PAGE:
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Economy in Brief

New Orders Rise Again in Germany As EMU Service Sector Slows
by Robert Brusca  November 6, 2017

Germany's new orders rose by 1% in September with foreign orders gaining 1.7% and domestic orders slipping by 0.1%. Even so, domestic real orders rose to a point approximately level with orders before the start of the financial crisis back in late-2007. Foreign orders had returned to pre-crisis levels by around mid-2014. Despite strong growth in Germany and its stellar economic statistics, German domestic orders are only now close to the sort of levels that had been common at the end of 2007.

Orders from outside the euro area fell by 1% while orders from other euro area member countries rose by a very strong 6.3%. Germany is benefiting from its competitiveness position inside the euro area as it has run the lowest inflation rates year-in and year-out since the common currency was established, putting Germany in a strong competitive lead against its fellow EMU members.

Still, the gain in orders on the month was only 1% overall. Manufacturers of intermediate goods saw new orders fall by 4.0% compared with August 2017. Manufacturers of capital goods showed an increase of 4.9% on the previous month, marking capital goods as the engine of growth this month. For consumer goods, new orders fell by 2.8%, despite the strong performance of the German economy and an expansion of orders from abroad. The consumer is not leading this parade. And with German domestic orders only now getting back to their 2007 level, it is hard to believe that there are bottlenecks requiring investment anywhere unless the capital stock has withered due to atrophy over the last 10 years.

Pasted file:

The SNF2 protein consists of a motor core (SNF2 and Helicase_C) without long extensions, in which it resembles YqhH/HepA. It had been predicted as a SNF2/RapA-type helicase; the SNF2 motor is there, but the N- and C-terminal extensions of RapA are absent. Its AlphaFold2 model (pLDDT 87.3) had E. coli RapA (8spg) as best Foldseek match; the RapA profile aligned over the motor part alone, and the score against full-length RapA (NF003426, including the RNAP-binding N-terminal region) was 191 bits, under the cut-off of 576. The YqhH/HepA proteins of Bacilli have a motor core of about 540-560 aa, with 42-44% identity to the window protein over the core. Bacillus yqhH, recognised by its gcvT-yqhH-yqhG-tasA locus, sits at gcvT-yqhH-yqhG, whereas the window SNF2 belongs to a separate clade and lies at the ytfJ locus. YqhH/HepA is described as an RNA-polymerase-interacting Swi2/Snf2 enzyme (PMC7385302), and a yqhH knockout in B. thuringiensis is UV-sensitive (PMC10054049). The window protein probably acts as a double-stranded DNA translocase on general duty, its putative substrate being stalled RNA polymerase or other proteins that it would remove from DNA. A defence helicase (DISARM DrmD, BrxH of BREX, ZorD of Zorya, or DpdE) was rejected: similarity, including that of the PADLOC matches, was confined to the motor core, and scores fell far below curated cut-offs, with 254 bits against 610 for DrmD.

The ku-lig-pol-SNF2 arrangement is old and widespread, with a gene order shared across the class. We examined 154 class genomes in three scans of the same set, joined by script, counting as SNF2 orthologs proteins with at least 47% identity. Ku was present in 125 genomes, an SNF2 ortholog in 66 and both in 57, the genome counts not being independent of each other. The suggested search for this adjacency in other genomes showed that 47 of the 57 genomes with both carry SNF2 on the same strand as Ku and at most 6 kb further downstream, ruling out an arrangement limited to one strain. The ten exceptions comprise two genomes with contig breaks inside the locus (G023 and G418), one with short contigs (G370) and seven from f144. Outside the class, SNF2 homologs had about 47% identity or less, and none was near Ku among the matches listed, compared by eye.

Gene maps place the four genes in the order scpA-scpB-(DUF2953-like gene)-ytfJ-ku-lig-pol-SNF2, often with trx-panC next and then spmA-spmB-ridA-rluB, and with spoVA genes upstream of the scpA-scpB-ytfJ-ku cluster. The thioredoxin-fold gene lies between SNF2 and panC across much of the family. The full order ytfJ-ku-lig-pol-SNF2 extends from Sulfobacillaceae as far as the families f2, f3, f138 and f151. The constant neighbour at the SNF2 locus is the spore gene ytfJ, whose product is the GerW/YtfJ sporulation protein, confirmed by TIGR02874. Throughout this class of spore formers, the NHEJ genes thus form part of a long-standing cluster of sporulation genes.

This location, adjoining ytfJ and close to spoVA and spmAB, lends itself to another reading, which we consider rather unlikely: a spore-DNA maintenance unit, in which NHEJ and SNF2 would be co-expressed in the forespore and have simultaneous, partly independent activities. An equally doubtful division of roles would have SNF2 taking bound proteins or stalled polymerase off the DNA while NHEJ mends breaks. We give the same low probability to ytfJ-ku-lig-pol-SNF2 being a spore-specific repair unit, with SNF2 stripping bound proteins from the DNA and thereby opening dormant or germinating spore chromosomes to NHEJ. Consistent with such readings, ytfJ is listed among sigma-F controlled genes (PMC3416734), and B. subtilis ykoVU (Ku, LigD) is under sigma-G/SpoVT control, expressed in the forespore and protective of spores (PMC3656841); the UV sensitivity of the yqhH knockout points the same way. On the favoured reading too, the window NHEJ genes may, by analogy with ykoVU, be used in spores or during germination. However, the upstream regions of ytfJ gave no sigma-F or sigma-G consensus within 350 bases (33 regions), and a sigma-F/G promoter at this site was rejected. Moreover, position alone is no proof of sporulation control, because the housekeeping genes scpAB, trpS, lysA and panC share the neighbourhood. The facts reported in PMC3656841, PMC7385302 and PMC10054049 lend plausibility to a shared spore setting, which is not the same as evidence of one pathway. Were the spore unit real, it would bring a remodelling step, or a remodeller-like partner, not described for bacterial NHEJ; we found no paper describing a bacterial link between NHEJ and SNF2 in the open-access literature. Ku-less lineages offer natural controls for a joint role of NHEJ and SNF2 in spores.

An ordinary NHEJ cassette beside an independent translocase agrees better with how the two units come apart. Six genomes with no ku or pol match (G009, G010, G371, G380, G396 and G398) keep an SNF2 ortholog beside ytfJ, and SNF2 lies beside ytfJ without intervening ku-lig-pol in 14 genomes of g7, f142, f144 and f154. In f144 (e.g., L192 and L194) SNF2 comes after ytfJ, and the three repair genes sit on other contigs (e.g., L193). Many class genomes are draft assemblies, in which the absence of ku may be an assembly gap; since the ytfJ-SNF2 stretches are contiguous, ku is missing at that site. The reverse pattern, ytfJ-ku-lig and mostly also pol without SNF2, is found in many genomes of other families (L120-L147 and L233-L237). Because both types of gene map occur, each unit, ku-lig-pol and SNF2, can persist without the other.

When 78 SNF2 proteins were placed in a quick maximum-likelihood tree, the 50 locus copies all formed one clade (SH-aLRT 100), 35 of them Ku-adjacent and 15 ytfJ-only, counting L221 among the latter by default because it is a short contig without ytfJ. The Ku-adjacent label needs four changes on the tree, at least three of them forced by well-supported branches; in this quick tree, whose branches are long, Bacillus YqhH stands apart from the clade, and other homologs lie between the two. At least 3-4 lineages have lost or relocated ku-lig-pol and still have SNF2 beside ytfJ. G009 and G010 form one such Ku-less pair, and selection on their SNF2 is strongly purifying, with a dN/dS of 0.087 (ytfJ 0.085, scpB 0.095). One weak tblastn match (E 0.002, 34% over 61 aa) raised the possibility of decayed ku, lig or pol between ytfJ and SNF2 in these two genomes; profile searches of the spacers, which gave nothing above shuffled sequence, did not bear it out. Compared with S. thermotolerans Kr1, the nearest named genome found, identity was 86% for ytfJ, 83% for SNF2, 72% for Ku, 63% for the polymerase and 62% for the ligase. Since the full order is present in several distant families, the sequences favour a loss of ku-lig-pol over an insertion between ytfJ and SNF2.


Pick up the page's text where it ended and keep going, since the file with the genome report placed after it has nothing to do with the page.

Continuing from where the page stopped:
However, orders overall are ramping up from three-month and six-month rates of growth at 9.5% to a pace of 20% over three months. Foreign orders have ramped up on growth rates from 10.3% to 14.3% to 30.7% on the same timeline. German domestic orders were falling one year ago on a year-over-year basis. They are now up by 8.5% year-on-year but up on a 3.3% pace over six months. Domestic orders' three-month growth rate is up to 6.7%, however. It's been a long time coming, but there is some lift there.

Overall there is a sense of expansion and acceleration in the data. Still, the long view is not that these growth rates are putting German industry to the test. Growth in Germany is still moderate even of orders are stepping up. Sales by sector show that the overall sales pace in manufacturing fell in the month despite the order pick up. Consumer goods shipments rose even as capital and intermediate goods shipments declined. Capital goods shipments fell in September after spurting in August; and still remain strong over the two months together.

The longer view on sales/shipments is that sales are up from a 3.5% to 4% pace over 12 months and six months to an accelerated 6% to 7% pace in September.

In the quarter-to-date, overall orders as well as domestic and foreign orders are expanding at a pace of about 15% annualized. By sector all sales are up except for consumer goods where nondurables are the drag on expansion. With the third quarter data complete, Q3 sales are strongest for capital goods (11.7%) and intermediate goods (6.1%) while consumer goods sales erode at a 0.5% pace.

On balance, the report for German orders was better than expected since a decline in orders was the mainline forecast for September. Instead, orders rose on the month and are rising briskly over three months. Judging from the orders received from the rest of the euro area, the entire region seems to be doing relatively well despite a minor setback in the services PMIs reported today.

In today's reports, the EMU services sector in October lost its 90th percentile standing and the German services sector stepped back again to a 54.7 diffusion value and a 65.2 percentile standing since January 2012. Among the four largest EMU economies, only France has a particularly strong service sector ranking; Germany, Italy and Spain show weaker performance with Spain posting a service sector reading below is median since January 2012. Manufacturing sector metrics remain especially strong. But the services sector is beginning to show some softness at least among the largest EMU economies.

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